New Ways to Kill Your Father


It seemed beyond belief that our neighbor Seamus Doyle, who tended roses, and his wife, Gretta, who went to Mass every day, had once led a revolution, that he had been sentenced to death by the British, and that she had, with two other women, raised the Tricolour, the Irish flag, over one of the main buildings of the southern town of Enniscorthy in the 1916 Rebellion. It seemed even more astonishing that Marion Stokes had been one of the other flag-raisers; she came to our house every evening during Easter Week 1966 to watch a drama on television about the events of fifty years earlier.

She was the least likely ex-terrorist you could imagine, polite and sedate and distantly smiling. My uncle, who fought in the subsequent War of Independence and went on a hunger strike in prison during the Irish Civil War, also gave not a hint in his manners and his attitudes that he had, when he was young, taken on the might of the British Empire in pursuit of a dream which those around him viewed as foolish and fanatical.

The third woman who put up the flag in the town in 1916, Una Bolger, was married to Robert Brennan, one of the leaders of the Rebellion; he later became Irish ambassador to Washington and a close associate of Eamon de Valera. (Their daughter was the novelist and short-story writer Maeve Brennan, who wrote for The New Yorker for many years.) Una’s brother Jim Bolger, also involved in the struggle against the British, was Roddy Doyle’s grandfather, the father of Ita, who tells her story and that of her family in Rory & Ita, which Doyle edited for his parents’ fiftieth wedding anniversary.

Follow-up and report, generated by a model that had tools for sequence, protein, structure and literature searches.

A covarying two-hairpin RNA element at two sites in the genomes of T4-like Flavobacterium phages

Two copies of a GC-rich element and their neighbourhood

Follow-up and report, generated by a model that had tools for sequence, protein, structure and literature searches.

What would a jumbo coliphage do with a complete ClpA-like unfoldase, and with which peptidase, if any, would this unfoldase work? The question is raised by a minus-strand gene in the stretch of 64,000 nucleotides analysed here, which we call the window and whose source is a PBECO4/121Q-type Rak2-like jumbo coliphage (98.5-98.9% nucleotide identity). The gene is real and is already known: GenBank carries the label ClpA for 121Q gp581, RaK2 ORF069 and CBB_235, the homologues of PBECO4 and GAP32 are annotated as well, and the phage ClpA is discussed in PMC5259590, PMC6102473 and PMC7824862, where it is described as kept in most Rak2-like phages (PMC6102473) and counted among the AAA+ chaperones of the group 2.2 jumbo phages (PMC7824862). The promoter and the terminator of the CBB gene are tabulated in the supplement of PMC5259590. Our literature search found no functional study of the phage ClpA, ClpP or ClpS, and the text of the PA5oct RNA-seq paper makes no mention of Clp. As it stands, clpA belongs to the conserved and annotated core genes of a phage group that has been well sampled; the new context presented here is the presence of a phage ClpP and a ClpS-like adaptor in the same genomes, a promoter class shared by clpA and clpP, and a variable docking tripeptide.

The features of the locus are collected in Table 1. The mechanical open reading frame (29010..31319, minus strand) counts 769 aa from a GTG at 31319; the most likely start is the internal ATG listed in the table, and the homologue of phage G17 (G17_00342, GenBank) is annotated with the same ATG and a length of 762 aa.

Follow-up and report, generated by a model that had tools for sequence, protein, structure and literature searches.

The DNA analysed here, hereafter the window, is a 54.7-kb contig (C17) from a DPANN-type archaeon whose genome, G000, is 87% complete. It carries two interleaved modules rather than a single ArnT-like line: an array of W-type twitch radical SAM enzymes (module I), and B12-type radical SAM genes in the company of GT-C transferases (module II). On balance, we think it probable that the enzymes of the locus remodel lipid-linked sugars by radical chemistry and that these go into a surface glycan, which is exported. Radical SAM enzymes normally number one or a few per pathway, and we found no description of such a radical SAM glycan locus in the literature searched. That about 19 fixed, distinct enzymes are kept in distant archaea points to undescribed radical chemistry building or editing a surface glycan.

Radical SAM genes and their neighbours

The story of the revolutionary generation in Ireland remains complex and powerful and difficult to tell. My uncle, who died eight years ago, confined himself to chance remarks and jokes on these matters; I have no memory of our neighbors, who took part in the Rebellion, discussing their years as revolutionaries in private conversations. They were quiet and conservative people; their years of living dangerously made them grumpy, it seemed to me, rather than garrulous. But since the IRA cease-fires of the late 1990s, the commemoration of what happened has become easier now that the events are not reenacted in Northern Ireland on a daily basis. Last year, when The Enniscorthy Echo, the local newspaper, celebrated its centenary, it produced a supplement with articles proudly stating that it was “once a hive of nationalists,” printing a photograph of Robert Brennan in paramilitary uniform, his wife standing behind him, and articles about Jim Bolger’s arrest for sedition in 1915 and my uncle’s hunger strike. All three worked for the newspaper, which, its centenary edition stated proudly, “assumed a notorious reputation with the authorities” in the decade before the creation of the Irish Free State.

In the 1940s, the Irish government asked those involved in the Rebellion and the War of Independence to write…

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